Name: Sean E Callahan
Class Year: 1989
Title: Mission Director for USAID/Afghanistan
Organization Name: U.S. Agency for International Development (USAID)
1. In one sentence, what does your job entail?
I am responsible for creating, implementing and leading US foreign assistance programs based on sound development principles for the Afghan people including promoting human rights, democracy, and human rights; supporting Afghan women and girls; and mitigating the effects of the humanitarian and economic crises in Afghanistan.
2. What planned and unplanned events connected you to your industry and your first employer after Holy Cross? How did you learn/decide it was a good fit for you?
My Holy Cross semester in Washington DC exposed me to so many different international organizations, think tanks, issues and views that were part of the policy and legislative making process related to international affairs that I was unaware of until then. That semester made me more interested in international issues. My job after Holy Cross was as a legal assistant at a Wall Street law firm. While I thought about law school then and the lawyers there impressed me, I wasn’t interested in a corporate law job nor going to law school just yet. It took 6 years and deferring admission three times before I went to grad school for a joint JD/MPA. Instead, I moved to Southeast Asia first as a Princeton-In-Asia fellow and then with the International Catholic Migration Commission working on refugee matters.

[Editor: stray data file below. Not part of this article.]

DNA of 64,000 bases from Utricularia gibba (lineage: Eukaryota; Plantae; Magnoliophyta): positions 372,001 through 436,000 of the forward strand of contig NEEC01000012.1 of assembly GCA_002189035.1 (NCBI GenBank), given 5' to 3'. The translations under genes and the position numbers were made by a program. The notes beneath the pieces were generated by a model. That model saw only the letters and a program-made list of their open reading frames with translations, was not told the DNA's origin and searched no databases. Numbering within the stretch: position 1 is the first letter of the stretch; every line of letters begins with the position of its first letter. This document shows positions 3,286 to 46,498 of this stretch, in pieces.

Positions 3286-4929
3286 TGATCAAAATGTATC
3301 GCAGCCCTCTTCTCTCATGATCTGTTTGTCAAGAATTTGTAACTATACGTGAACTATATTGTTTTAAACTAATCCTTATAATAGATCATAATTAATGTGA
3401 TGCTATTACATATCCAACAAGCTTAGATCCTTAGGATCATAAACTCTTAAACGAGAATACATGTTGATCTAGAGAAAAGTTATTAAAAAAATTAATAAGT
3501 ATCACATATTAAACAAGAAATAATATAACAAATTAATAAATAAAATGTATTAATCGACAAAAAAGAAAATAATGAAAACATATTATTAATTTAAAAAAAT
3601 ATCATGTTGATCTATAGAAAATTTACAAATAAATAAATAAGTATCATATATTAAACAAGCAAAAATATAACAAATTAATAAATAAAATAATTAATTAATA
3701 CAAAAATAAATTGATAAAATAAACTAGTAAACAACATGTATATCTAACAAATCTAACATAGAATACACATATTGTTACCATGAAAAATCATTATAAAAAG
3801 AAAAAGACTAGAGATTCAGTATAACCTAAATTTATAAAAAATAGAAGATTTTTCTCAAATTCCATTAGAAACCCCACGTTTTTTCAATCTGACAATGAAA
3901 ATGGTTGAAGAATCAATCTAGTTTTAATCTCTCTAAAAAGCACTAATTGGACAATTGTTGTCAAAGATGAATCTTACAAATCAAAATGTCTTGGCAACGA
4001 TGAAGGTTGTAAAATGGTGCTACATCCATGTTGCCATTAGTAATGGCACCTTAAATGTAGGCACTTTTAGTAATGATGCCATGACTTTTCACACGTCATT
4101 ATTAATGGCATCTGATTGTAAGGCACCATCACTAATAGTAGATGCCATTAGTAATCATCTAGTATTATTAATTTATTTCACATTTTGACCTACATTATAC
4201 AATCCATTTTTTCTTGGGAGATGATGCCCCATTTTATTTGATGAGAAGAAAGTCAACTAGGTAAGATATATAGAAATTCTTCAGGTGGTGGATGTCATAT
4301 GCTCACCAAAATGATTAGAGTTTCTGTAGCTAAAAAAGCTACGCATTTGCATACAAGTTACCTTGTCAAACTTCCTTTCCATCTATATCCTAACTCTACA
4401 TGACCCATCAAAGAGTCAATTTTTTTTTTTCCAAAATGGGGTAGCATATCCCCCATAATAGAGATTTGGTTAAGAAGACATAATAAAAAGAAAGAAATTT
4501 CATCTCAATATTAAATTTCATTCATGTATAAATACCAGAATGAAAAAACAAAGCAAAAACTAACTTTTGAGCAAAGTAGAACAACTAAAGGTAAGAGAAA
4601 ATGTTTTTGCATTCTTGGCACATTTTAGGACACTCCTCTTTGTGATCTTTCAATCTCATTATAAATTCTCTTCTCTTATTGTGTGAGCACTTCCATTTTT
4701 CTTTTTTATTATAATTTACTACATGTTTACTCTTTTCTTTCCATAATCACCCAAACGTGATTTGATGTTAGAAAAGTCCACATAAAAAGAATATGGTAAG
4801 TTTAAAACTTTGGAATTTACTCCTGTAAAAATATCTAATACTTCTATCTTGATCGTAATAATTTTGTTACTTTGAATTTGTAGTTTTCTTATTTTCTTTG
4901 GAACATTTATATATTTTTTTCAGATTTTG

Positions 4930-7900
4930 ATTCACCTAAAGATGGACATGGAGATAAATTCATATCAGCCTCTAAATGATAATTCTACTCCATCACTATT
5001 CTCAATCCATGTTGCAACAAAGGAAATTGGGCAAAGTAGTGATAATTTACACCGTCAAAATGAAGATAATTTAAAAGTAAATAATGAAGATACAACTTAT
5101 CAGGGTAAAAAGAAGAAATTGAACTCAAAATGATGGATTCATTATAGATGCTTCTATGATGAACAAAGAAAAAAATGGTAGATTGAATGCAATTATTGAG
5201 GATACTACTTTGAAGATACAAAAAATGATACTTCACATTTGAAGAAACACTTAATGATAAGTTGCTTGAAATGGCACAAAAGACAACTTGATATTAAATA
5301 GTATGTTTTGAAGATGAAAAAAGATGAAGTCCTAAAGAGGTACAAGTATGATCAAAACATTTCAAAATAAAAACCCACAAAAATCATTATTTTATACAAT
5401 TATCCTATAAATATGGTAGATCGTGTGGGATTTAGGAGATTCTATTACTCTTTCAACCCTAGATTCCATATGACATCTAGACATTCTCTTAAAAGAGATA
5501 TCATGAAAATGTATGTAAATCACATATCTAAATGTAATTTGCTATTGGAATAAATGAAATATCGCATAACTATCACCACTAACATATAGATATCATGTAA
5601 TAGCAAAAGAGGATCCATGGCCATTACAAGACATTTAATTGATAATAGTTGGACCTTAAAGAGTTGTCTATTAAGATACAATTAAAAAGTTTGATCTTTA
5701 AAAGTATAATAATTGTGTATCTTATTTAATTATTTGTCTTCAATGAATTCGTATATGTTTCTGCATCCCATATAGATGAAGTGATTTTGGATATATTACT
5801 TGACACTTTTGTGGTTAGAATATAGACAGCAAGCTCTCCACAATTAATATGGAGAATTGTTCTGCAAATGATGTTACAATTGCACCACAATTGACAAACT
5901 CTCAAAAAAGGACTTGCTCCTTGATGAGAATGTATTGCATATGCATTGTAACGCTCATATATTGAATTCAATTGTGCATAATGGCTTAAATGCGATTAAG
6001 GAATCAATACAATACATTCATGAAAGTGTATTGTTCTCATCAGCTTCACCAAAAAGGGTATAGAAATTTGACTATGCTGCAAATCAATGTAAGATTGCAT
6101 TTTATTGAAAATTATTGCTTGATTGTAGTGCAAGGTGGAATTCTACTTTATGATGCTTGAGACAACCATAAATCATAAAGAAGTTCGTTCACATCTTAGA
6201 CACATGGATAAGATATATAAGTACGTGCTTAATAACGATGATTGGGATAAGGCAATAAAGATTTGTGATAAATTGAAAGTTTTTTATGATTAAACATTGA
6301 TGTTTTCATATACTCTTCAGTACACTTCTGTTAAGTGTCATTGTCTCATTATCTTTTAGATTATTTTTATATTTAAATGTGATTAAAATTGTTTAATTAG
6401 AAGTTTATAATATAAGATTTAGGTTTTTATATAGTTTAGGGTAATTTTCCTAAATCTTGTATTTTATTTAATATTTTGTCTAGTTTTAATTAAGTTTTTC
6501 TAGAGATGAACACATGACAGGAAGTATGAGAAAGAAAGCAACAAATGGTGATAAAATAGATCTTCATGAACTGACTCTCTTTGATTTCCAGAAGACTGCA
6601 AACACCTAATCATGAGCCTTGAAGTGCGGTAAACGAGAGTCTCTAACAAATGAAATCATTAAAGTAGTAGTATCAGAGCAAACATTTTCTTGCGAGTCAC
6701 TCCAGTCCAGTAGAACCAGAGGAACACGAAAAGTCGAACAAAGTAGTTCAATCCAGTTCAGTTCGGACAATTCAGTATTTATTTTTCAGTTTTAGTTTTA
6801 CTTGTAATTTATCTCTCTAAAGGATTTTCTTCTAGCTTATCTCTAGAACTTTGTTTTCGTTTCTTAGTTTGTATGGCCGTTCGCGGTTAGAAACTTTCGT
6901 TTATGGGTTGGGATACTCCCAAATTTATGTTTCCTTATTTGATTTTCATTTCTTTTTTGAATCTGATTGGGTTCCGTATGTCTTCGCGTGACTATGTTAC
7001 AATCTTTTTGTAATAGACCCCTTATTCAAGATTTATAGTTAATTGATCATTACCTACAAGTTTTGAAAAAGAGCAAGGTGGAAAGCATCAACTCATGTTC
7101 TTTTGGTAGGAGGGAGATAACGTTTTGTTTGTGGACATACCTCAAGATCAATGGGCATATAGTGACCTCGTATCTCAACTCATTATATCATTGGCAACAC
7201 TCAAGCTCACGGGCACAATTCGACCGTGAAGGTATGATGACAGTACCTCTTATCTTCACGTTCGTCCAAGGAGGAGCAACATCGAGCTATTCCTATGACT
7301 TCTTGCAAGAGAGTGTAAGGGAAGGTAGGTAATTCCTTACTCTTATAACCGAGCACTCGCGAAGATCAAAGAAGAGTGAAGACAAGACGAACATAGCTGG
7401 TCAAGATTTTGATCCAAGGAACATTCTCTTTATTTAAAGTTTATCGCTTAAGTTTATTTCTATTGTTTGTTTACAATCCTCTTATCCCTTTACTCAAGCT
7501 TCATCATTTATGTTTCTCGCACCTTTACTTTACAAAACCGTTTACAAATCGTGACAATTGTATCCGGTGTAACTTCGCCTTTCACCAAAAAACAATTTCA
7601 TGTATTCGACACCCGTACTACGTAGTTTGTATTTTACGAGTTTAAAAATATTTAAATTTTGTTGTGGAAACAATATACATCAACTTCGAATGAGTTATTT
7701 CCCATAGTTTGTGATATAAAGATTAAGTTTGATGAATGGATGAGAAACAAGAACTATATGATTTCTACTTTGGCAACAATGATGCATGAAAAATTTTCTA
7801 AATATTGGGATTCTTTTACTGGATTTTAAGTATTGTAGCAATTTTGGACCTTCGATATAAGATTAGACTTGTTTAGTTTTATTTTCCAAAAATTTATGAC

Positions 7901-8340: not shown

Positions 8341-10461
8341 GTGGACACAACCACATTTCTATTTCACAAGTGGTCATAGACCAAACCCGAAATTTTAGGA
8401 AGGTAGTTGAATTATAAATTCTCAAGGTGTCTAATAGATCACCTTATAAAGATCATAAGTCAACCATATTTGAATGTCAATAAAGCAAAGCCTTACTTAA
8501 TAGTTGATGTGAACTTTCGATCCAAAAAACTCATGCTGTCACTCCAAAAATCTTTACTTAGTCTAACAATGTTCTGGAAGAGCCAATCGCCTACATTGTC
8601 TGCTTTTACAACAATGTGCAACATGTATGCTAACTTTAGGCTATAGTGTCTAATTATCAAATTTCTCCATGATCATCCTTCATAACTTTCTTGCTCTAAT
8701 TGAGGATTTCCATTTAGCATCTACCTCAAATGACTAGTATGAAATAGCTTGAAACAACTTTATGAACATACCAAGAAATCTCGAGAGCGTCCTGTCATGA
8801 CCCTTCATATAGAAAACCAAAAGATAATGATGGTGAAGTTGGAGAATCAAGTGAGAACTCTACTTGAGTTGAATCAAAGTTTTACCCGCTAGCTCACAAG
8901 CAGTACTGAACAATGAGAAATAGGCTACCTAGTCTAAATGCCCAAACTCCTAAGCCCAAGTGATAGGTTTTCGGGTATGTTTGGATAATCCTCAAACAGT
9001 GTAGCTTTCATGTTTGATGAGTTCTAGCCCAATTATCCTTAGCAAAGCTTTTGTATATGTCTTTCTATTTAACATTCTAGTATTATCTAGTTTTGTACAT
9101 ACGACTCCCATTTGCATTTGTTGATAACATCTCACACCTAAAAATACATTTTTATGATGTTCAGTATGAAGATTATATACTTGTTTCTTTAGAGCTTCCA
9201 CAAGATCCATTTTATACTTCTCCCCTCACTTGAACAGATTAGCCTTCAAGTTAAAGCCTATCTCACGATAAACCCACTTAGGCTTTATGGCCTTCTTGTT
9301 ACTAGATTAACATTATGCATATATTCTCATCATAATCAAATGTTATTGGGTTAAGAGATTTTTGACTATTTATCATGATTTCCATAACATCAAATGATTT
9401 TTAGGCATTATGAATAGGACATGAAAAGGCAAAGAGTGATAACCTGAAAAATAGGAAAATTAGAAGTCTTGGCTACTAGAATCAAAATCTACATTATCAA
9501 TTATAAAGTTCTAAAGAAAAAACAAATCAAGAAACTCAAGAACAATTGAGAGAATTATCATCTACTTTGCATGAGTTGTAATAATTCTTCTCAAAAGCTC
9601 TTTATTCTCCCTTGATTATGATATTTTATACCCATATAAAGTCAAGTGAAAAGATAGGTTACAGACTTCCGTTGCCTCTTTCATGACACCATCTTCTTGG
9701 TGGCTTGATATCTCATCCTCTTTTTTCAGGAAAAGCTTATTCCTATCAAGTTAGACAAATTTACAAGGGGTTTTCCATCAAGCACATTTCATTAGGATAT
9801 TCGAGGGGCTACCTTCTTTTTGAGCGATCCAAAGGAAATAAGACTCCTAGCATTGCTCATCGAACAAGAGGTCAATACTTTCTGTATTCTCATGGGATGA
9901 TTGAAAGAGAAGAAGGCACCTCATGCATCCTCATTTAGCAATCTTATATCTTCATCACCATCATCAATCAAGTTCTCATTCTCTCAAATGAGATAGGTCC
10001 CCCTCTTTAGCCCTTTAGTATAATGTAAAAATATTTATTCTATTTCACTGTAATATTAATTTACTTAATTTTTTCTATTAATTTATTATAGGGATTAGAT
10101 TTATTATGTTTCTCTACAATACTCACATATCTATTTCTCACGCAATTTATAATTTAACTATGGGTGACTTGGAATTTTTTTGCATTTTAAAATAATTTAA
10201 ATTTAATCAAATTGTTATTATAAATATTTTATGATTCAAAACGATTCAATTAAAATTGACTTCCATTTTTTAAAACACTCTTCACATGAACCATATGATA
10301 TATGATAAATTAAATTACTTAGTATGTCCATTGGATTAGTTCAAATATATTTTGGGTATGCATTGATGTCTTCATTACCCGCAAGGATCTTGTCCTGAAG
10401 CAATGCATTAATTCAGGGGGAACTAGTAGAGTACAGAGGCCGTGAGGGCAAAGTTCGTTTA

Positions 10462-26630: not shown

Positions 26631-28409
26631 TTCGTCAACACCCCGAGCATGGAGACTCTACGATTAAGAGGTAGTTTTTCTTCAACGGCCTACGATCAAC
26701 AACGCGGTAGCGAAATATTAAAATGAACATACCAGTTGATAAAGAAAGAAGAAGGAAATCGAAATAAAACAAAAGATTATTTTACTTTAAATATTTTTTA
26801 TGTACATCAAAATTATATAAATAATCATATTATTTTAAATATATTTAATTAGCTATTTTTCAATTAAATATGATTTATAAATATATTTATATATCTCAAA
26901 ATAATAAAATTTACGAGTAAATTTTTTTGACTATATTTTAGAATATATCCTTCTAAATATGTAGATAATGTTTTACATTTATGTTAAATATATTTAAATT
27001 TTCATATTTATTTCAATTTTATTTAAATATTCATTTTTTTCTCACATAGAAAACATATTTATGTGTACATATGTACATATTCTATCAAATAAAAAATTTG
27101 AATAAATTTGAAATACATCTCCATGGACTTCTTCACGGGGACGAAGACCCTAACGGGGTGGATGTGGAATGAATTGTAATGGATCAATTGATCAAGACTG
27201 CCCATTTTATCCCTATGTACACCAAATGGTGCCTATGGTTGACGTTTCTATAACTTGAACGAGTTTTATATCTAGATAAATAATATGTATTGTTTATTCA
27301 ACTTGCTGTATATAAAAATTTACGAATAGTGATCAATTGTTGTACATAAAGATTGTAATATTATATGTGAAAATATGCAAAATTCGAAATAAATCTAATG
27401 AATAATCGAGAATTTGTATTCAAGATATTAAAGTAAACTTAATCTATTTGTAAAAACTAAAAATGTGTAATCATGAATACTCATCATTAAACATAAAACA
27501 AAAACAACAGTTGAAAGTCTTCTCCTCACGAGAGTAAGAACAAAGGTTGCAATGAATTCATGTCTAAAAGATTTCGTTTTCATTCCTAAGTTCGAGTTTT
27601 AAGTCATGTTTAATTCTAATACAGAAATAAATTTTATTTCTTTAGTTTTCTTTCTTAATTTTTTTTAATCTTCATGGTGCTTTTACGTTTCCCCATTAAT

3. What were you involved in when you were on campus?
I was on the varsity swim team and started the water polo club. I hope it is still going. I was also part of the Film club where we picked and showed independent and foreign “films” in Hogan and then more Hollywood style movies in lower Kimball on the weekends.
4. What was your major and how did it affect your career decisions?
My major was political science. Courses in political theory, comparative systems, political economy, history and even the classics made me interested in how the US and other countries analyze and address serious issues such as refugees, sovereign debt, humanitarian crises and the other development challenges. This led to looking for work and experiences overseas.
5. What are one or two skills that you developed at Holy Cross that you use in your work?
First and foremost, the strong belief – that the Cross instilled in me – of service for others. Even after 20+ years in development work and despite the bureaucracy of the US government, I still strongly believe in the USAID’s mission to help others which I credit to Holy Cross. The most used skill that HC taught me was inquisitiveness. To understand people and problems in order to get to a solution – whether how to unlock financial liquidity in the Afghanistan or create space for civil society in Afghanistan – one needs to understand the underlying reasons and problems. However, the only way to get there is to ask questions and lots of them.
6. What advice do you have for students on campus today?
Get out of your comfort zone. Travel. Meet new people. Be patient. No one lands their dream job right out of school or even after several different jobs. I would also advise against faking it. Trust your heart and look at what motivates you whether it’s public service; the private sector; a religious calling; academia or the fine arts. It all falls in place eventually if you stay true to yourself.